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Immanuel in the Bedroom

This reflection is an entry from A Theology of Desire.

Behold, the virgin shall conceive and bear a son, and they shall call his name Immanuel (which means, God with us).

(Matthew 1:23 ESV)

Many Christians have a deistic understanding of God, in which the Creator breathed the universe into being and then stepped away to watch what would happen. In this view, God is separate from us and often disapproving. While most Christians believe in the power of prayer—requiring that God have some level of ongoing involvement—there’s still an essential separateness between humanity and divinity.

When we view God this way, we ignore the scriptures which say we are temples of the Spirit; holy dwelling places for God. We have trouble accepting that we are the body of Christ, and also his friend, and his bride. There is deep intimacy in each of these relational descriptors which connects to the truth Matthew captured in today’s scripture:

God is with us.

This isn’t merely a description of the incarnation, and it’s not a past state. Jesus was, and is, and is to come. He is the Alpha and the Omega, the once and always. God is around you, and within you.

The God-human Jesus is named Immanuel so we can reject a notion of distance and instead recall God’s constant presence. In every touch and whisper, in every moment of passion, God is there.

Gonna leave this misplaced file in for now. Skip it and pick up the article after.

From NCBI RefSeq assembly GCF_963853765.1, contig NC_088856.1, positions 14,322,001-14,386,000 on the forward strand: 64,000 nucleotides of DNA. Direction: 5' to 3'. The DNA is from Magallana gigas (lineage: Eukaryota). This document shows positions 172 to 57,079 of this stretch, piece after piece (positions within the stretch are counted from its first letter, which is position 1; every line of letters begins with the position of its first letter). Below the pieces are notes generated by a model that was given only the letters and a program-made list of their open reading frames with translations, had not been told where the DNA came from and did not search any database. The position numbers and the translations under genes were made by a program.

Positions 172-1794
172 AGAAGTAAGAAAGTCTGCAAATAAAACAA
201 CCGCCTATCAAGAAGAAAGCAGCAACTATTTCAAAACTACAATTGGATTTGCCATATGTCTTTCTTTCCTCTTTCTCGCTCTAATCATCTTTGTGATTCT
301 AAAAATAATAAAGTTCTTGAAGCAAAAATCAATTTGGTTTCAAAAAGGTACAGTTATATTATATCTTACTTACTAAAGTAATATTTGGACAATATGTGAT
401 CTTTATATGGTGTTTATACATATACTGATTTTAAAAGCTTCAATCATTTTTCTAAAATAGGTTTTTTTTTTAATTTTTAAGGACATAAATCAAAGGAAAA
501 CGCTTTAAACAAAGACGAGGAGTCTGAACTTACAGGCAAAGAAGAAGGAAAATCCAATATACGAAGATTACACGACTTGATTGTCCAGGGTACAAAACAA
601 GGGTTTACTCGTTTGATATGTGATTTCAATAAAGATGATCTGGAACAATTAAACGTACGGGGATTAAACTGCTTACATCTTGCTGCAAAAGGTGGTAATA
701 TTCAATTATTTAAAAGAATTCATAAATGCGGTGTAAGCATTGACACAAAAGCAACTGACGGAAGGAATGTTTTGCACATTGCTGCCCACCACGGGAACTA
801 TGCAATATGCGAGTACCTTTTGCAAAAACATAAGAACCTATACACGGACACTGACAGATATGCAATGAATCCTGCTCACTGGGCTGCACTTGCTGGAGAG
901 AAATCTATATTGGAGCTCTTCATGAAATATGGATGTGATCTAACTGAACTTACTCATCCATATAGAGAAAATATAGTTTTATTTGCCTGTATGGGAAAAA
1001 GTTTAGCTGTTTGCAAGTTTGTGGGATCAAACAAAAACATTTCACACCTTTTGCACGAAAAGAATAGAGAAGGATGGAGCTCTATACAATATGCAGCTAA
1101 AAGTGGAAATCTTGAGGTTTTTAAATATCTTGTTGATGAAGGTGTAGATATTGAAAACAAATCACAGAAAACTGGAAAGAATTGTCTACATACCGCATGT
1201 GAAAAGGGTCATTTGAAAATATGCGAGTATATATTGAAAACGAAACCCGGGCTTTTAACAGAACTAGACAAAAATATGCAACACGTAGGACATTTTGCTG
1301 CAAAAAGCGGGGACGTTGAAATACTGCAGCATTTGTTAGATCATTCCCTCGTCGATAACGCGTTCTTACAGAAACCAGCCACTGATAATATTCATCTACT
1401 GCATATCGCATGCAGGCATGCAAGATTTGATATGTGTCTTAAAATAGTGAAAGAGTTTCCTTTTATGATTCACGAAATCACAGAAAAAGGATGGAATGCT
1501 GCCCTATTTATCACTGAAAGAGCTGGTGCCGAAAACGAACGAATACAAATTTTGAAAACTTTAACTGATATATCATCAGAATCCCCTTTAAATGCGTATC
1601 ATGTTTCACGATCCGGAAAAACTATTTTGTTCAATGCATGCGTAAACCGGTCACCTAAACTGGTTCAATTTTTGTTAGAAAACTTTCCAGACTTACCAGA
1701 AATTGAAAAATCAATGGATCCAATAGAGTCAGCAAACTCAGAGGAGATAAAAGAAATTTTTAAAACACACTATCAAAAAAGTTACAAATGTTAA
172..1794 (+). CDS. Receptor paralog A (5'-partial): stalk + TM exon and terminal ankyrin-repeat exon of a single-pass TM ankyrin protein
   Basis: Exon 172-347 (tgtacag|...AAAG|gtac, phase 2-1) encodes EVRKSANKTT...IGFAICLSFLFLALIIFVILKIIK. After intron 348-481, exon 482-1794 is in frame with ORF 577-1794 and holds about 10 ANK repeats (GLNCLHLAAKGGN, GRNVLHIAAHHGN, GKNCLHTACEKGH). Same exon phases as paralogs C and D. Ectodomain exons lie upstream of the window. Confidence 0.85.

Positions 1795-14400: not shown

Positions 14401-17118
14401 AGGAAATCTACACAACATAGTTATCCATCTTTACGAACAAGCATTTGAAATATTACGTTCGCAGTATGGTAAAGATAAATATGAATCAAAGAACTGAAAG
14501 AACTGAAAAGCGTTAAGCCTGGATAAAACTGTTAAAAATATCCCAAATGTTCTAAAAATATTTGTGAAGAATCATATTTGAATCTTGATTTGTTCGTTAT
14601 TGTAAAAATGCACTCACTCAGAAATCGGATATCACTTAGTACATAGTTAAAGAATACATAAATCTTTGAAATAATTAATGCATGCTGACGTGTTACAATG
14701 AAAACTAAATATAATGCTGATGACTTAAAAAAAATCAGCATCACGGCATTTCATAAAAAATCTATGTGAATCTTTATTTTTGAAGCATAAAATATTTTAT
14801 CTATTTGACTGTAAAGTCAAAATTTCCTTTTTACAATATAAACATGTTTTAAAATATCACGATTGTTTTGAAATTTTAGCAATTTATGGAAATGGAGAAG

Don’t let this disturb you. There’s no need for embarrassment or shame whether you are in a boardroom, a barroom, or a bedroom.

God is with you.

God is holding you to the earth with the force of gravity, pushing up and out from your very heart, and hovering above you as you sleep. God is with you, adores you, and takes great pleasure in you. God is in every ounce of blood coursing through your veins, every living and dying cell as your body ages, and every pulsing pleasure you receive through orgasm.

God is with you. Immanuel is there.

It happens sometimes that the Lord himself moves our souls and forces us, as it were, to this or that particular action by laying our souls wide open. This means that he begins to speak in the very depths of our being, without any clamour of words, he enraptures the soul completely into his love and bestows upon us an awareness of himself so that, even if we wished, we should be unable to resist.

St. Ignatius

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